The answer also lies in developing local solutions with communities so they have access to digital technology, understand the trade-offs involved, and can use the tech and data it generates to benefit their communities. Innocent Maholi of OpenMap Development Tanzania, describes a healthy environment for innovation as characterized by three critical features: “local people, local devices, and open knowledge.”
Expanding our understanding of digital inclusivity and looking to local communities for solutions are a good start. At the regulatory level, laws, rules and enforcement mechanisms can help safeguard digital rights and protect people from predatory actors who wish to use technology to surveil, manipulate, or oppress. But these often take years to develop.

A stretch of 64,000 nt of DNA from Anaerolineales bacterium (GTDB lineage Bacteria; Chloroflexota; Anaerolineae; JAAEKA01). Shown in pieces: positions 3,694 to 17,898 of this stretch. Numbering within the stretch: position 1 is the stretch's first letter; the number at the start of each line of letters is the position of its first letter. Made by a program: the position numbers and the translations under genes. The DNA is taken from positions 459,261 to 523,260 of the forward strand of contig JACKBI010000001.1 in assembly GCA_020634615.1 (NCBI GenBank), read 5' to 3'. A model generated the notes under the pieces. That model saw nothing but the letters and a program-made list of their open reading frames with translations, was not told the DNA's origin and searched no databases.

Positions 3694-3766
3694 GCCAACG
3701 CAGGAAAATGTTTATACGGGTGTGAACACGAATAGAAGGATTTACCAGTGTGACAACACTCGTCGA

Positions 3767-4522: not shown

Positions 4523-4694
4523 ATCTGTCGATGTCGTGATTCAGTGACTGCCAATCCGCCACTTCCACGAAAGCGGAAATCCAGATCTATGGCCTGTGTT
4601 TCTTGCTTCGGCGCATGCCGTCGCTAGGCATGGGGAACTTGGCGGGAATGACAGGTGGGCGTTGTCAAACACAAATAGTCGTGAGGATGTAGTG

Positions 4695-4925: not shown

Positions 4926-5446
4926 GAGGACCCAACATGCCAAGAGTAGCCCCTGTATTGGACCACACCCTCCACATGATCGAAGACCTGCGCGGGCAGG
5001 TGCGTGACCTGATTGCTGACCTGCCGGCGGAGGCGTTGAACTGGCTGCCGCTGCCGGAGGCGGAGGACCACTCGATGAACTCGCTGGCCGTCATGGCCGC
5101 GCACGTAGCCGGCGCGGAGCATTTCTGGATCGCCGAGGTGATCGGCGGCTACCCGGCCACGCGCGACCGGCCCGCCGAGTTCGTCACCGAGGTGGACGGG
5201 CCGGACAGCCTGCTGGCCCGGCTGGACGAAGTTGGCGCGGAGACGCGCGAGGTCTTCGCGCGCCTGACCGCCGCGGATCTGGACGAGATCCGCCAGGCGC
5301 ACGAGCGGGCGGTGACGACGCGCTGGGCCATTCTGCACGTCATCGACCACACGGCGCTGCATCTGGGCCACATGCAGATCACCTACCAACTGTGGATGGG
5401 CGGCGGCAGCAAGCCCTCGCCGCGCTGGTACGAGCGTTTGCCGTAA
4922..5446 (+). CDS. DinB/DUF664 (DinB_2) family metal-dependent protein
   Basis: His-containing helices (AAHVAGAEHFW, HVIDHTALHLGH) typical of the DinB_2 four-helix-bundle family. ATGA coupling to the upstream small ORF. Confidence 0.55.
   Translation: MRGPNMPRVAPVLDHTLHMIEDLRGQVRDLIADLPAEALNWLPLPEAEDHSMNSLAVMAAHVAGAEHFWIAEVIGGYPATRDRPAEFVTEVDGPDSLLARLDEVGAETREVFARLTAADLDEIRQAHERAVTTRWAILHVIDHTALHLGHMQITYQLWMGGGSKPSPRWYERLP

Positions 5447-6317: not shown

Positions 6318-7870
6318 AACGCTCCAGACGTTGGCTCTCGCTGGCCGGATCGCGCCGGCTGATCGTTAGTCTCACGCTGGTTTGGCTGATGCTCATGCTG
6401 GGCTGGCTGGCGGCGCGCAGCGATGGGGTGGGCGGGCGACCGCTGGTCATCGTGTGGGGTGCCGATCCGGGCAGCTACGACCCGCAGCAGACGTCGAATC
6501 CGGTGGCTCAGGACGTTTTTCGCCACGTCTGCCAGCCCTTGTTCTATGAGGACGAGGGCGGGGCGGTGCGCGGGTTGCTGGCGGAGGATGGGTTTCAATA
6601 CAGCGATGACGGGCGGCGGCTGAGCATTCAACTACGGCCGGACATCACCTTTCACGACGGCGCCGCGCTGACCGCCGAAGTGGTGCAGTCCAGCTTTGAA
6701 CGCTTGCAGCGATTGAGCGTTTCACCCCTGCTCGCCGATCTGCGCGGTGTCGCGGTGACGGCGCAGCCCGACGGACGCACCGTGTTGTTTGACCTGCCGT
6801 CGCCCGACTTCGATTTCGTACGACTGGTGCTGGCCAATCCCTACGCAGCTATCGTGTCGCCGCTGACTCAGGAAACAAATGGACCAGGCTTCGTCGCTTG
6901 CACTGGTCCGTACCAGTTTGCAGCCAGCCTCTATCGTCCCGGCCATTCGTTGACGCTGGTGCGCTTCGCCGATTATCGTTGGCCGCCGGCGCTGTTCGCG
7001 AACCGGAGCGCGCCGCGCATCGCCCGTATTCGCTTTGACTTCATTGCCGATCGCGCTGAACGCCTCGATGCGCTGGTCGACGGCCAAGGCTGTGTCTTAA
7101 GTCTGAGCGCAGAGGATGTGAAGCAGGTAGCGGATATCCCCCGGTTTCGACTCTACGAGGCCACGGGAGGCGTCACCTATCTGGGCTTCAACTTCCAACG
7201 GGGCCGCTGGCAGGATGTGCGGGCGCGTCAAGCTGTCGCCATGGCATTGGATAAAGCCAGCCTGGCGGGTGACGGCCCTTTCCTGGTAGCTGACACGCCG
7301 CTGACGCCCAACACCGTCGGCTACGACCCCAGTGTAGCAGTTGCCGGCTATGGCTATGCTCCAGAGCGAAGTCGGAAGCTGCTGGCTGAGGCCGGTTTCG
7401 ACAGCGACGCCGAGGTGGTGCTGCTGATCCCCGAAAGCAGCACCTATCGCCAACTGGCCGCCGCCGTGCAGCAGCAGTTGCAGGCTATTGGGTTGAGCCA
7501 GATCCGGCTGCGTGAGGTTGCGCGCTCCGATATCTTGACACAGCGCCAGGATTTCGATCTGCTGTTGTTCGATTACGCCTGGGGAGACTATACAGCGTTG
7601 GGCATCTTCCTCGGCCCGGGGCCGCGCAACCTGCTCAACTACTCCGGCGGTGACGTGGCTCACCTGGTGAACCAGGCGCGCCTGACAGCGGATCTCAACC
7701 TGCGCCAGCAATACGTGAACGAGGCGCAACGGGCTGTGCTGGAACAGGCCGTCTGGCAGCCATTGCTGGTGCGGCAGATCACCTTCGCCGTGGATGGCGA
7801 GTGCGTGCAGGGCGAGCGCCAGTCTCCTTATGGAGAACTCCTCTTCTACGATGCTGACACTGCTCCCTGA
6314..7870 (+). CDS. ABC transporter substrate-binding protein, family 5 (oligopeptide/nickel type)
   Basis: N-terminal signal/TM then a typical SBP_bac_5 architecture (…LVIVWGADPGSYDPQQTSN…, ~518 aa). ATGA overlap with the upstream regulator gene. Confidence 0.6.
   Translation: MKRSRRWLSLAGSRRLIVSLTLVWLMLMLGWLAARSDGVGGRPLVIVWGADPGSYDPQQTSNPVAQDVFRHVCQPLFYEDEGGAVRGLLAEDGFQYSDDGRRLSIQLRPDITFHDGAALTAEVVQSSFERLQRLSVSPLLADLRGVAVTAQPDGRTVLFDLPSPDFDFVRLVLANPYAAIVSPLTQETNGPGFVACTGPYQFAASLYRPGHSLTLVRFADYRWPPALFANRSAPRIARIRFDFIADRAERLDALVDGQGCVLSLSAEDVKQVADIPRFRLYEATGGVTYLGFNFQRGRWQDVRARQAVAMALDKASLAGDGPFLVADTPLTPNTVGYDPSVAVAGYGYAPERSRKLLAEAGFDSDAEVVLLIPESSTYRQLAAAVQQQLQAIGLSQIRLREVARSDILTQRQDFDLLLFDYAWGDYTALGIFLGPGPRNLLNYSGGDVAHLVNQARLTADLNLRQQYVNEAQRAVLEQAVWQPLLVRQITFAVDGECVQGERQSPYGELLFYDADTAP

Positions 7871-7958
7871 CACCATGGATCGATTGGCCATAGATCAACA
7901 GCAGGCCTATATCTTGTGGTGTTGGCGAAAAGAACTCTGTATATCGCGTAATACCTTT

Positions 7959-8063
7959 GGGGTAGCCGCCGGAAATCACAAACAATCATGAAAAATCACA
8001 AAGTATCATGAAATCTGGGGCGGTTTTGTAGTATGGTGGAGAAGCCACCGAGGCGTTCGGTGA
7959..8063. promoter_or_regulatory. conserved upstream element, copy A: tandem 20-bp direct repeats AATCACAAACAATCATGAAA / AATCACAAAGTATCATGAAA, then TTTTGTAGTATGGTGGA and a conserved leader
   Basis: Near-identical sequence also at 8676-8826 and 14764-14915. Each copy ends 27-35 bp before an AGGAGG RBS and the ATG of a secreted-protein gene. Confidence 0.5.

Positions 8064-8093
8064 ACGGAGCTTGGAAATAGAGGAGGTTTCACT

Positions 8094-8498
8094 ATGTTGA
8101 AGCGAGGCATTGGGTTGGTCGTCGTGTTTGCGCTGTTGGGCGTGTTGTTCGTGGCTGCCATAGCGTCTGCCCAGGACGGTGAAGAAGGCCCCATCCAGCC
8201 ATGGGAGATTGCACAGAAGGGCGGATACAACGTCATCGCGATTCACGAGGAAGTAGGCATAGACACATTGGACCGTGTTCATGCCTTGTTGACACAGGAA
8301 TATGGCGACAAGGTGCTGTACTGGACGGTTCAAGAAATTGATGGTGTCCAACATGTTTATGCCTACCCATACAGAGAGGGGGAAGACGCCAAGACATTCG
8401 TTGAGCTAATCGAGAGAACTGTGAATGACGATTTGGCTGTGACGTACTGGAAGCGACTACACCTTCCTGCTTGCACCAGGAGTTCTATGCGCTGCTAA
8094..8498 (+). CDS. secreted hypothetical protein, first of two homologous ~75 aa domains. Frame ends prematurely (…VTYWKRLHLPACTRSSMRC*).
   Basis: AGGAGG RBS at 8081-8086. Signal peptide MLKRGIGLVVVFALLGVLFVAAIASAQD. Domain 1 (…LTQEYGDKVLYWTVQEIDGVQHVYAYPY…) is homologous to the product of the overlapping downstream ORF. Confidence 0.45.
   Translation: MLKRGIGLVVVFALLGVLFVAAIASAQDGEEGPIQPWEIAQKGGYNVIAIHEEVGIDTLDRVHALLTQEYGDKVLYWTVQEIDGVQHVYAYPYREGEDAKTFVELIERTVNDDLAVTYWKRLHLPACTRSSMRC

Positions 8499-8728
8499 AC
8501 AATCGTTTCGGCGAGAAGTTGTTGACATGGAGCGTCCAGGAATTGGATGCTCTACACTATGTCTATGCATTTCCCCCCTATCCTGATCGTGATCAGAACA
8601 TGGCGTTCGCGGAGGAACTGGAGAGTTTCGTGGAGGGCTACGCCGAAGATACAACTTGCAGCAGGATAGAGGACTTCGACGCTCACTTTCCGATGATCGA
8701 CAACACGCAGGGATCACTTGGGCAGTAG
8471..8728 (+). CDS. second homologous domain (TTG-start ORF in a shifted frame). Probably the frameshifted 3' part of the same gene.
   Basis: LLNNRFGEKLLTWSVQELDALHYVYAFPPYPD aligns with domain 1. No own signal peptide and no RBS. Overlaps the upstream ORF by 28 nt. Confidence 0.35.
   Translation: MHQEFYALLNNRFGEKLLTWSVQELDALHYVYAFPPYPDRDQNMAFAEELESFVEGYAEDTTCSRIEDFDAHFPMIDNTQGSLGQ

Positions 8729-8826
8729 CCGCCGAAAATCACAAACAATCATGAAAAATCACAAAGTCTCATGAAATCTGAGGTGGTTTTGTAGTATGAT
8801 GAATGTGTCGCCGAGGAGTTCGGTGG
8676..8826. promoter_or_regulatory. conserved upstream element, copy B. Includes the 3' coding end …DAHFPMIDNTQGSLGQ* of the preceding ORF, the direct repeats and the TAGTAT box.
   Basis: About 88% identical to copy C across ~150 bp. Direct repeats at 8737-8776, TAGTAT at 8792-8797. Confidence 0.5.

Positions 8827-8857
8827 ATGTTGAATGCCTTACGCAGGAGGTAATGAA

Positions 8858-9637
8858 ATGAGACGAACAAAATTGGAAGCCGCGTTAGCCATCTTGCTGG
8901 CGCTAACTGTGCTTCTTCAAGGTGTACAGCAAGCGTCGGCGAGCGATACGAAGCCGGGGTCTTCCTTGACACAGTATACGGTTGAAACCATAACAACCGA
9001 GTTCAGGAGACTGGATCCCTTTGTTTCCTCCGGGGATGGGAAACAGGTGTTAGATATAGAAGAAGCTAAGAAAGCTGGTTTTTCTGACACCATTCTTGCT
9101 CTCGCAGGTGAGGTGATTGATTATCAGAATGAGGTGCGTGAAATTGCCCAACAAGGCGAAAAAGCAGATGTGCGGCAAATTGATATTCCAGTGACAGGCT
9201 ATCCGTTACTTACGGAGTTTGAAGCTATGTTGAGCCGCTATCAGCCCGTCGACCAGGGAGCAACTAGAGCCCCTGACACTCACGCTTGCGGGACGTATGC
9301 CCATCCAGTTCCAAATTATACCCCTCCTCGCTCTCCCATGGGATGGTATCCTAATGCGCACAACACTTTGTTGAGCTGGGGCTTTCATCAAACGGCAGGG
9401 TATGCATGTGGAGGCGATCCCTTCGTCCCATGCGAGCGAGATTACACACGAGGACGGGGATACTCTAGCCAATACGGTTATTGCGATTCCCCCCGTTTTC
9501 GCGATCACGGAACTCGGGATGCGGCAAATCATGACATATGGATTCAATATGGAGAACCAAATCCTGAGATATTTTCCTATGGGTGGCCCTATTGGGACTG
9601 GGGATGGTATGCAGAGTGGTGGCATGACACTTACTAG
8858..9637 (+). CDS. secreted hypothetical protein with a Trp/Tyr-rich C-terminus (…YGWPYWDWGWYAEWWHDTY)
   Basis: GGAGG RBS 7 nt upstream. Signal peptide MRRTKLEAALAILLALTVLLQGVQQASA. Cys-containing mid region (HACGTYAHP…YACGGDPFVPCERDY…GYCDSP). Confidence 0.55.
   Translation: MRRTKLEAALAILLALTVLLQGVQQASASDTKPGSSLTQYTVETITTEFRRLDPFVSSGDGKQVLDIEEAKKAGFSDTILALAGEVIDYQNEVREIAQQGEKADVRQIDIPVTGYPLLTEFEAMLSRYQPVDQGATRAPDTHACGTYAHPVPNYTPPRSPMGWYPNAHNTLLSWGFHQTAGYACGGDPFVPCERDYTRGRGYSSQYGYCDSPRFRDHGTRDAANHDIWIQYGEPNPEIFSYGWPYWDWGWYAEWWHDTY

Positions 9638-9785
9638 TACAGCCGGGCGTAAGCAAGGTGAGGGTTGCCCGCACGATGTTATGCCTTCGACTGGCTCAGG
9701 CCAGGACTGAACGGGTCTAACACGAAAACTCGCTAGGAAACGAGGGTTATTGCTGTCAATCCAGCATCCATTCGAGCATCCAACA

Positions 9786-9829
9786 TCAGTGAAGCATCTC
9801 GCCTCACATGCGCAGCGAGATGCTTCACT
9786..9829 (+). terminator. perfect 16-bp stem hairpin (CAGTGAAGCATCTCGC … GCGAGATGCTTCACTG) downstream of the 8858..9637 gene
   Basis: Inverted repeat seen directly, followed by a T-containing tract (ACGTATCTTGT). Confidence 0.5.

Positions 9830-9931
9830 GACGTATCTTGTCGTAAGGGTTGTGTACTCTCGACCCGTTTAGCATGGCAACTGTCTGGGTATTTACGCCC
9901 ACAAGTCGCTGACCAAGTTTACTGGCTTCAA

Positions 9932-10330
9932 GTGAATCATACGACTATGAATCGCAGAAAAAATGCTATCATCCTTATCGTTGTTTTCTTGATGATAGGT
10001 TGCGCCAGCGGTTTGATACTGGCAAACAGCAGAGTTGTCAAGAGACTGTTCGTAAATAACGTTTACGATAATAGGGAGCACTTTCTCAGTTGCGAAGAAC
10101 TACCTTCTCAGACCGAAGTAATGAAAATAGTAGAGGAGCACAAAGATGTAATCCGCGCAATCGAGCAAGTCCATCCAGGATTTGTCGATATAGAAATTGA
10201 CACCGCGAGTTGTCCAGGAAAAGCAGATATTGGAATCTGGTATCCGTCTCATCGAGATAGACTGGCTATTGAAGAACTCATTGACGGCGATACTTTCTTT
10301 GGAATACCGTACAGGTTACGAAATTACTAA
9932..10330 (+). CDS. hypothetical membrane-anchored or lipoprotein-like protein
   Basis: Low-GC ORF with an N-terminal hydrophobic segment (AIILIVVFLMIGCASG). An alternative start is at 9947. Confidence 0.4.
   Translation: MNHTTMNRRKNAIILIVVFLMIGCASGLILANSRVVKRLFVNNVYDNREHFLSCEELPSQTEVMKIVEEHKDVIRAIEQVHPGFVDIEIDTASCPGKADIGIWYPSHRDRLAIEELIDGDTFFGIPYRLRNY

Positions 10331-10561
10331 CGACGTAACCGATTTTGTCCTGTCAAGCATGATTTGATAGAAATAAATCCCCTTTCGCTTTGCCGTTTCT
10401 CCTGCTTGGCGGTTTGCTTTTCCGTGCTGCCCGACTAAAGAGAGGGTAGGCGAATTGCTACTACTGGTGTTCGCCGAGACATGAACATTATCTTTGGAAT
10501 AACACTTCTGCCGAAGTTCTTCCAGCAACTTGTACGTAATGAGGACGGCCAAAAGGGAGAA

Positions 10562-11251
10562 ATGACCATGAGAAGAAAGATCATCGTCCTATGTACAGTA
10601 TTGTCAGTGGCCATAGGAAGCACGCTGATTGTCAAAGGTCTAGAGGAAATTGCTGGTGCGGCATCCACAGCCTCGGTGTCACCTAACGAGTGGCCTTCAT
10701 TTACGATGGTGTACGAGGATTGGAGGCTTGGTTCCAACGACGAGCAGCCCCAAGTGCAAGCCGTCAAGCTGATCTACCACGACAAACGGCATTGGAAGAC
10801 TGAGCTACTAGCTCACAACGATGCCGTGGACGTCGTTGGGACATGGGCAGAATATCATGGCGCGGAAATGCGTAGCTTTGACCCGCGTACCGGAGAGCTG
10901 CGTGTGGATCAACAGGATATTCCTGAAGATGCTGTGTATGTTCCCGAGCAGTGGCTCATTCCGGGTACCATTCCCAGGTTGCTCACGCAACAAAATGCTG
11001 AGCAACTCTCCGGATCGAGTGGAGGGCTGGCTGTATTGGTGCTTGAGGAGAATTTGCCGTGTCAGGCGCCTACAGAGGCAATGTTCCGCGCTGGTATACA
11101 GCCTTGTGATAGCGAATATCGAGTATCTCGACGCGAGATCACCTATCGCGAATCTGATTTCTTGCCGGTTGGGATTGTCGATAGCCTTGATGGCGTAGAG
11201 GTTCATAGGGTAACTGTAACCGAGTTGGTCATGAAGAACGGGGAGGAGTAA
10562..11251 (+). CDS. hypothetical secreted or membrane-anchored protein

Considerations of inclusion, equity, and meaningful connectivity must be at the heart of efforts to expand digital connectivity. The International Telecommunications Union’s Partner2Connect Digital Coalition has built this into its approach. We need to ensure that these considerations remain a priority rather than focusing on the topline goal of connectivity at the expense of protecting people. Countries like Togo that have the most to gain from large investments in connectivity have an opportunity to bake in digital literacy, local engagement, and thoughtful regulatory frameworks from the beginning, and can be among the first to avoid reproducing analog inequalities in digital spaces. Initiatives like the Data Values Project are part of a broader recognition that building digitally connected, prosperous, and equitable societies requires designing systems with meaningful connectivity, inclusion, and safeguards in place from the start.